What to Expect at a Music Theory Exam

If you’re heading for your music theory exam, your head is probably bursting with scales, terminology and everything else you’ve crammed it with while you have been studying. Music theory exams require a pass mark of 66 per cent or above, so you will need thorough knowledge to succeed.

You can give yourself the best chance of passing by making sure you’re as fully prepared for the exam as you can be, and part of that is knowing what is in store.

Preparation is key

Preparing for piano exams

Preparing for piano exams

You can give your chances a real boost by arriving at the exam centre in good time – ten minutes is the minimum. You will need to confirm your name to the examiner, after which you can spend the remaining time focusing.

Once you enter the room, read the paper before you start. This can help you to relax. Try not to rush, as most students find there’s plenty of time.

Make sure you have followed the syllabus

Music theory exams are set by the Associated Board of the Royal Schools of Music, or ABRSM. You can find plenty of syllabus information on its website.

In your grade 1 exam, you will be expected to show knowledge of notation basics, time signatures (simple and compound), major keys and scales, and rhythm writing.

As you approach Grade 8, you’ll be expected increased harmonic vocabulary and modulation, score reading and styles.

Read through the syllabus in detail and make sure you have a good understanding of all the topics covered at your grade, and try not to worry about more advanced topics. If any topic causes you difficulty, practice is the best way to overcome it. Make sure your tutor knows about your pain points so you can invest more time in practising the theory elements you find more challenging.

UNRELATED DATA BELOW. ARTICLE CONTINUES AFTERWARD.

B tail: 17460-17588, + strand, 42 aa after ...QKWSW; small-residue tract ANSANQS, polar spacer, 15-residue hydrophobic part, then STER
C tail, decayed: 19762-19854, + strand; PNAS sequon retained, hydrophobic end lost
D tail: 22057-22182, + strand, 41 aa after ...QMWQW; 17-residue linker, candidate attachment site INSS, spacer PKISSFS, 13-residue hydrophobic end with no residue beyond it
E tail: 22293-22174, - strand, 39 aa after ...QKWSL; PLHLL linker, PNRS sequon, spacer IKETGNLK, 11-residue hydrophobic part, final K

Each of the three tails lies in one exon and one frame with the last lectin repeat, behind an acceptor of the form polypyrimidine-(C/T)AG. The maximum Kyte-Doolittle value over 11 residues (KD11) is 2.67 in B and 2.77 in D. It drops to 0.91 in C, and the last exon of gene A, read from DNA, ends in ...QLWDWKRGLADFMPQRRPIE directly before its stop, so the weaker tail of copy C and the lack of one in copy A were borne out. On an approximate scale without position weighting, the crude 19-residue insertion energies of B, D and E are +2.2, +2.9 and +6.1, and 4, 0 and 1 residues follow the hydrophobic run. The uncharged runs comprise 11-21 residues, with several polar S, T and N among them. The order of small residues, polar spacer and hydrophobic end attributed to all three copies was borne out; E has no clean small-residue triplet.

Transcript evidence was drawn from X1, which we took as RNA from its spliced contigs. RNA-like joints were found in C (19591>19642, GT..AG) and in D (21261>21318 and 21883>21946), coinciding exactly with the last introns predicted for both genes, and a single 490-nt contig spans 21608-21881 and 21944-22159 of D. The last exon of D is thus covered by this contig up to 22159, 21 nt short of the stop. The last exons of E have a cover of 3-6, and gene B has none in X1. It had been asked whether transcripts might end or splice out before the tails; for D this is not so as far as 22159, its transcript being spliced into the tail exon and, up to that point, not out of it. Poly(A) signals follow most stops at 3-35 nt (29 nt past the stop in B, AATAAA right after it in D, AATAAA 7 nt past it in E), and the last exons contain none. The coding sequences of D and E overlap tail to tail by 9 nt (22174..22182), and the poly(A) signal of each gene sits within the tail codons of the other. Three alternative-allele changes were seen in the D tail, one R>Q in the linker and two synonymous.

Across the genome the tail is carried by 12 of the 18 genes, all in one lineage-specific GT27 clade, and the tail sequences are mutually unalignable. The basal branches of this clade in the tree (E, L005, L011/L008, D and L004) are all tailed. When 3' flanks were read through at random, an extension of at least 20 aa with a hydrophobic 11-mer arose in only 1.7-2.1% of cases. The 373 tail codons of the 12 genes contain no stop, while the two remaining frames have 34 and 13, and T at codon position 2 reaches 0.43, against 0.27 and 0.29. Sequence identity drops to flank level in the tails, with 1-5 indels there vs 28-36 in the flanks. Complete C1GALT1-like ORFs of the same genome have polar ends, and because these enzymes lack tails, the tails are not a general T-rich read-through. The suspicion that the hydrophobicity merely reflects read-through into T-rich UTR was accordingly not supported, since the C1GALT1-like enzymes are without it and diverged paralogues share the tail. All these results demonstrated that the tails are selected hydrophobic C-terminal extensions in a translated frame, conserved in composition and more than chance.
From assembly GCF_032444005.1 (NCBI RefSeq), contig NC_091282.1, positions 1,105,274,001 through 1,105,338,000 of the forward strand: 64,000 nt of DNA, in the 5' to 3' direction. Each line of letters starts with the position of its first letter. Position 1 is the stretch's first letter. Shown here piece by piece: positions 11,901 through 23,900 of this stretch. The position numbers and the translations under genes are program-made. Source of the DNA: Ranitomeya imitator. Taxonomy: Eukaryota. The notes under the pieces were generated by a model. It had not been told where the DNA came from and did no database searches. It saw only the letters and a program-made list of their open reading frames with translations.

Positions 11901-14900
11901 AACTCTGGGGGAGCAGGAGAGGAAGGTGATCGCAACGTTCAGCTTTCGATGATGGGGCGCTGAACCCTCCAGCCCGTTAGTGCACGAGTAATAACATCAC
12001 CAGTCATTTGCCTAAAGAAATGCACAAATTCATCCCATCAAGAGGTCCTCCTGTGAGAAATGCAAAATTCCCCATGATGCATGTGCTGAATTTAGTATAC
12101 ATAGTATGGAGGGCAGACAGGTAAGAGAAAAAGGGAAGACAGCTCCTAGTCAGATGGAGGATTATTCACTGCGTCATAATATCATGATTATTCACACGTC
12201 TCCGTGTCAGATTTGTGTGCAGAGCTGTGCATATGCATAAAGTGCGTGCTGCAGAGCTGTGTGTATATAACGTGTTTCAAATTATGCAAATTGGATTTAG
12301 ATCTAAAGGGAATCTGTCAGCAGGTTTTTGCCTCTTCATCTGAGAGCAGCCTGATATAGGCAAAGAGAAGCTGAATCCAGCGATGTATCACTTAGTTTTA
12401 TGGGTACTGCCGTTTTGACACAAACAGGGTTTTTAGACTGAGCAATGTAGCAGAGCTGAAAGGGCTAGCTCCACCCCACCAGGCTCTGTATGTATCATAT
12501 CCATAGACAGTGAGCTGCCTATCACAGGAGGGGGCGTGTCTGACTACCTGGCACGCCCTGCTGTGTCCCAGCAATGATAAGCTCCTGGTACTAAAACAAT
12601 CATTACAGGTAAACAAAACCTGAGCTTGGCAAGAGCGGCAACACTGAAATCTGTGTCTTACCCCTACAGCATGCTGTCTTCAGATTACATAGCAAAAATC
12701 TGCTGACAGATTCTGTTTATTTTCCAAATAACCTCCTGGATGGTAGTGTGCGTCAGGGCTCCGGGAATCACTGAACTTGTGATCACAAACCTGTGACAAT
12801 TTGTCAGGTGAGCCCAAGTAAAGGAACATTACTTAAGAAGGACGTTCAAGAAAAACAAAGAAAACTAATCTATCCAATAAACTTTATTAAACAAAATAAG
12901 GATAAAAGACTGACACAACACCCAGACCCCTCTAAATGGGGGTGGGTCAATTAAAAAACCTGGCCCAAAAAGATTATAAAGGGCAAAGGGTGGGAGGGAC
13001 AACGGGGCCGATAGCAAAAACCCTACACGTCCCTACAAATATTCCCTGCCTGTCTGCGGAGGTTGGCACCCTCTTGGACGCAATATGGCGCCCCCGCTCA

Effective exam technique comes from understanding the concepts involved, not just practising them. Even at the lower grades, you will be expected to think on your feet and compose melodies or rhythms from scratch.

Some hints and tips to help you

  • Make sure you arrive for your exam with pens, pencils, a ruler, an eraser and a pencil sharpener.
  • You will be provided with manuscript paper on the day for rough working. Your examiner won’t mark you on your notes.
  • Write as neatly as possible, and try to work very precisely. You may lose marks if your work is shoddy, as the person marking the paper may not be able to clearly identify your answers. You will inevitably make mistakes, so make sure you have a good eraser that won’t mark the page.
  • Work with care. There’s plenty of time. If you do finish early, use the remaining time to thoroughly check your answers, particularly notation you have written.

Prepare and relax

Very few people actively enjoy taking exams, as there is always pressure placed on us to succeed – and sometimes not just from ourselves. The best way to succeed is by preparing well so that you are less nervous on the day. The nature of music theory exams means that they are challenging. Sometimes, music theory is more difficult than practical exams themselves. However, the thrill of passing one will prove your knowledge and progress as you learn to master the piano.